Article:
In any event, the response to Hamdan in Congress may be an interesting natural experiment with regard to whether anyone on Capitol Hill really cares about defending congressional independence against executive overreaching or whether, on the contrary, they will all, Republicans and Democrats alike, behave in accordance with loyalty to their own electoral intersts and their parties' perceived institutional interests.

One final, perhaps unrelated, point: Although I think that Stevens' opinion was admirable in every way, am I the only person who foundn it quite uneloquent, when all is said and done? That is, it seemed to me a wonderfully "lawyerly" opinion as it carefully eviscerated the Administration's arguments. But, in contrast, say, to Hugo Black's First Amendment opinions of the 1950s, which permanently etchned themselves in my then-undergraduate consciousness, or, for that matter, almost any of Scalia's dissents, where the reader always gets a very strong sense of what Scalia believes is a stake with regard to the country or culture outside the courtroom, there is little in Stevens' opinion that stirs the passions or leads one to want to mobilize politically. And, inasmuch as it is basically a "legal process" opinion, focusing on the lack of congressional authorization, it places the ball in Congress's court to stand firm or capitulate to those like David Addington, the subject of a superb--and extremely scary--profile in this week's New Yorker by Jane Mayer, who are, like John Yoo, certainly not remotely persuaded by the Hamdan majority. So perhaps this point isn't unrelated after all: Wouldn't it be wonderful if the opinion contained more quotable language about how basic American values are at stake with regard to the substance of the issues--i.e.. the rights enjoyed even by the (suspected) worst among us--rather than the focus on how existing law hamstrings the Administration in its desires to protect us against terrorists?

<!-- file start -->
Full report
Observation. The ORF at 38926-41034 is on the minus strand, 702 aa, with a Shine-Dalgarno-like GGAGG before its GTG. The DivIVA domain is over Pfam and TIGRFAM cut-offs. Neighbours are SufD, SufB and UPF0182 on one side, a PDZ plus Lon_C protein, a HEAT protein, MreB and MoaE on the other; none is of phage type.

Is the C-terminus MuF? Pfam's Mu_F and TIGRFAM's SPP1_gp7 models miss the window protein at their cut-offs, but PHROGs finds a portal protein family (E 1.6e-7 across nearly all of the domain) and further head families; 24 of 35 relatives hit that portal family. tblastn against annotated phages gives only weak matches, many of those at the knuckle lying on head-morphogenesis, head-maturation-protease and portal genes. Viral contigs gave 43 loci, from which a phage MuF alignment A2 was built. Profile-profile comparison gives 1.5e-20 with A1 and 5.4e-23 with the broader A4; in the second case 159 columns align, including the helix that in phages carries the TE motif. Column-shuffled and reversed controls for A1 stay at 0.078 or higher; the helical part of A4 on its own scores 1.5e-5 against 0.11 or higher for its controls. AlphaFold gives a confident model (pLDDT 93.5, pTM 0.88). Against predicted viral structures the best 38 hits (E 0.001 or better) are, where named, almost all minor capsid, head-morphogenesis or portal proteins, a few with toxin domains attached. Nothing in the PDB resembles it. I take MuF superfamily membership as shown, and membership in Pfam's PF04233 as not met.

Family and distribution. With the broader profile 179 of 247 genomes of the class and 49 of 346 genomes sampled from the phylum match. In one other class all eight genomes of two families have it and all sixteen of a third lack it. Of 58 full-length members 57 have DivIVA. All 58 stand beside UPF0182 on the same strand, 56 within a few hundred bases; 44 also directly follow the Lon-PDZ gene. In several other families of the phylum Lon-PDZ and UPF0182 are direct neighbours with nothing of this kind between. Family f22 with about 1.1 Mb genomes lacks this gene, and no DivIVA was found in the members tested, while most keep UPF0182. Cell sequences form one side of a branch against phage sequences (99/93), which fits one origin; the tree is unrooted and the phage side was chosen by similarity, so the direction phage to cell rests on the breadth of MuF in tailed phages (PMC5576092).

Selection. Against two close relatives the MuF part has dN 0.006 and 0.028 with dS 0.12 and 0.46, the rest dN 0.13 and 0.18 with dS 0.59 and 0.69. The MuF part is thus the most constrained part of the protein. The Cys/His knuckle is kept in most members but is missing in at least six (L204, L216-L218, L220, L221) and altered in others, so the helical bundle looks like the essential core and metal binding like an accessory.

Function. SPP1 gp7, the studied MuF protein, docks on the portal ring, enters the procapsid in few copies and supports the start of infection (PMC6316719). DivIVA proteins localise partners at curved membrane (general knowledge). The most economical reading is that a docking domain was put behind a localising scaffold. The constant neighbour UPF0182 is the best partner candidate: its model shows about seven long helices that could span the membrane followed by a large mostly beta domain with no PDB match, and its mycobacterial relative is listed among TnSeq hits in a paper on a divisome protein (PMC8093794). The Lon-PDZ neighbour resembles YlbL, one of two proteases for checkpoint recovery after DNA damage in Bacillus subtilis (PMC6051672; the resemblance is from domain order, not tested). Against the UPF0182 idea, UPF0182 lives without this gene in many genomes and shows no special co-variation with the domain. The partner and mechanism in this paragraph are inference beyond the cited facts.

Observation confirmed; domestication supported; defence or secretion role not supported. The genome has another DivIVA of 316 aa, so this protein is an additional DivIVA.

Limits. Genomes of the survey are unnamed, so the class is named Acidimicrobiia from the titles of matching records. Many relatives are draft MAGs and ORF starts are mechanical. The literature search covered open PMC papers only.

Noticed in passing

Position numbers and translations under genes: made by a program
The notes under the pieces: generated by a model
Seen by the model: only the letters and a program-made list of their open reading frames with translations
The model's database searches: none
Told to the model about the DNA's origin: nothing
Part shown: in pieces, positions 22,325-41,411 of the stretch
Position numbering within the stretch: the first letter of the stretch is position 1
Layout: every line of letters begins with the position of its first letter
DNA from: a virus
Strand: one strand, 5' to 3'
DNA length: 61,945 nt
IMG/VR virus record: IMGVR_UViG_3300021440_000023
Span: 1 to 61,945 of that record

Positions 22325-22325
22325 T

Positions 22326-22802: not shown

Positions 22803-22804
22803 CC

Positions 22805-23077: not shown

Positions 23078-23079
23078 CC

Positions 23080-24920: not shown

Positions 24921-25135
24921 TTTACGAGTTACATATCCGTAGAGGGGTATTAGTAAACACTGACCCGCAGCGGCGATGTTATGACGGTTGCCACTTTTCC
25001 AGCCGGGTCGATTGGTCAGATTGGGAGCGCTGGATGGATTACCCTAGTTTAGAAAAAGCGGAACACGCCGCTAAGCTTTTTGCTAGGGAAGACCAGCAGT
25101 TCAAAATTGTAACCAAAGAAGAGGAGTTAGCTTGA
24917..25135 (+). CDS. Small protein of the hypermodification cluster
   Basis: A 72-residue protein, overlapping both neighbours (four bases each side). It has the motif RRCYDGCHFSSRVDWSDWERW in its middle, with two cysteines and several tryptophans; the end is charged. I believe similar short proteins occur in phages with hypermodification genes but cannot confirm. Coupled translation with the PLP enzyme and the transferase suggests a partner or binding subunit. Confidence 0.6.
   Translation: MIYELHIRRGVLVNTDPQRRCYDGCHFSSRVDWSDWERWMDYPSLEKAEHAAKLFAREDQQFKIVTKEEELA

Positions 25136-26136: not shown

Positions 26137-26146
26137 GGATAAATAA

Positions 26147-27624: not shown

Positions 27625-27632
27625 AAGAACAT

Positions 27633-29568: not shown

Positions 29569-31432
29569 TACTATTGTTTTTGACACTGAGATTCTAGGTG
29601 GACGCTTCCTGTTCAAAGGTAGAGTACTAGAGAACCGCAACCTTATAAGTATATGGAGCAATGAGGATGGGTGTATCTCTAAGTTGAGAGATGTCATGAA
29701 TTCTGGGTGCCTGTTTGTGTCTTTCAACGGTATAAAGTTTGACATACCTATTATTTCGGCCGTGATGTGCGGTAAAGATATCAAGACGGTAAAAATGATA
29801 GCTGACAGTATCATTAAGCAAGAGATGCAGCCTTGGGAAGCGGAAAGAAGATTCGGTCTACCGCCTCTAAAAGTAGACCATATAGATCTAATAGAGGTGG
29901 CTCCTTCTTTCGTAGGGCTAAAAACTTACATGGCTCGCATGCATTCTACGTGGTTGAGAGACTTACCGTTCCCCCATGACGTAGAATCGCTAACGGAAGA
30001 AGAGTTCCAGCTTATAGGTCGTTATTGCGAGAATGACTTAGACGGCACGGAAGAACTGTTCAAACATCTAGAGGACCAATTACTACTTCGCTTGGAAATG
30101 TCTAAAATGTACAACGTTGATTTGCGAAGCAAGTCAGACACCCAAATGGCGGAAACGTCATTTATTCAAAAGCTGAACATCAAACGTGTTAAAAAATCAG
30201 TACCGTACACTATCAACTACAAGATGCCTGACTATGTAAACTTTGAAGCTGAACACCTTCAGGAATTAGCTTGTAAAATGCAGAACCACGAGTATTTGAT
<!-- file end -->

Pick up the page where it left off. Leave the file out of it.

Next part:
The Knicks Are No Mickey Mouse Organization

Ian Ayres

In an essay published in today's New York Times, John Donohue and I point out the eerie similarities between the rise and fall of Larry Brown and Michael Ovitz. Both were hired with great fanfare, both were fired after about a year. But there is a big difference. Disney paid Ovitz $140 million, while Knicks are refusing to pay Brown $40 million. The payment led to a huge shareholders suit at Disney:

In essence, shareholders sued Disney for not doing to Mr. Ovitz what the
Knicks did to Mr. Brown.

We argue that the Knicks' action may be a harbinger of things to come:

Corporations have felt that they were caught between a rock and a hard place with failed executives. They either have to stick with a manager who isn't working out, or they have to pay him or her an ungodly severance amount. This was the Hobson's choice that Disney's board encountered when it chose to pay Mr. Ovitz $140 million.

But the Knicks' action shows that corporations have a third option. In the end, it may not apply to Mr. Brown if the accusations of misconduct are contrived. But the examples of the Knicks and Disney suggest that corporations should give serious consideration to invoking the for-cause option before they fork over millions to an executive they think has been misbehaving.

Truer Words Were Never Spoken

Marty Lederman

"'What the court is doing is attempting to suppress creative thinking,'" said Professor Yoo."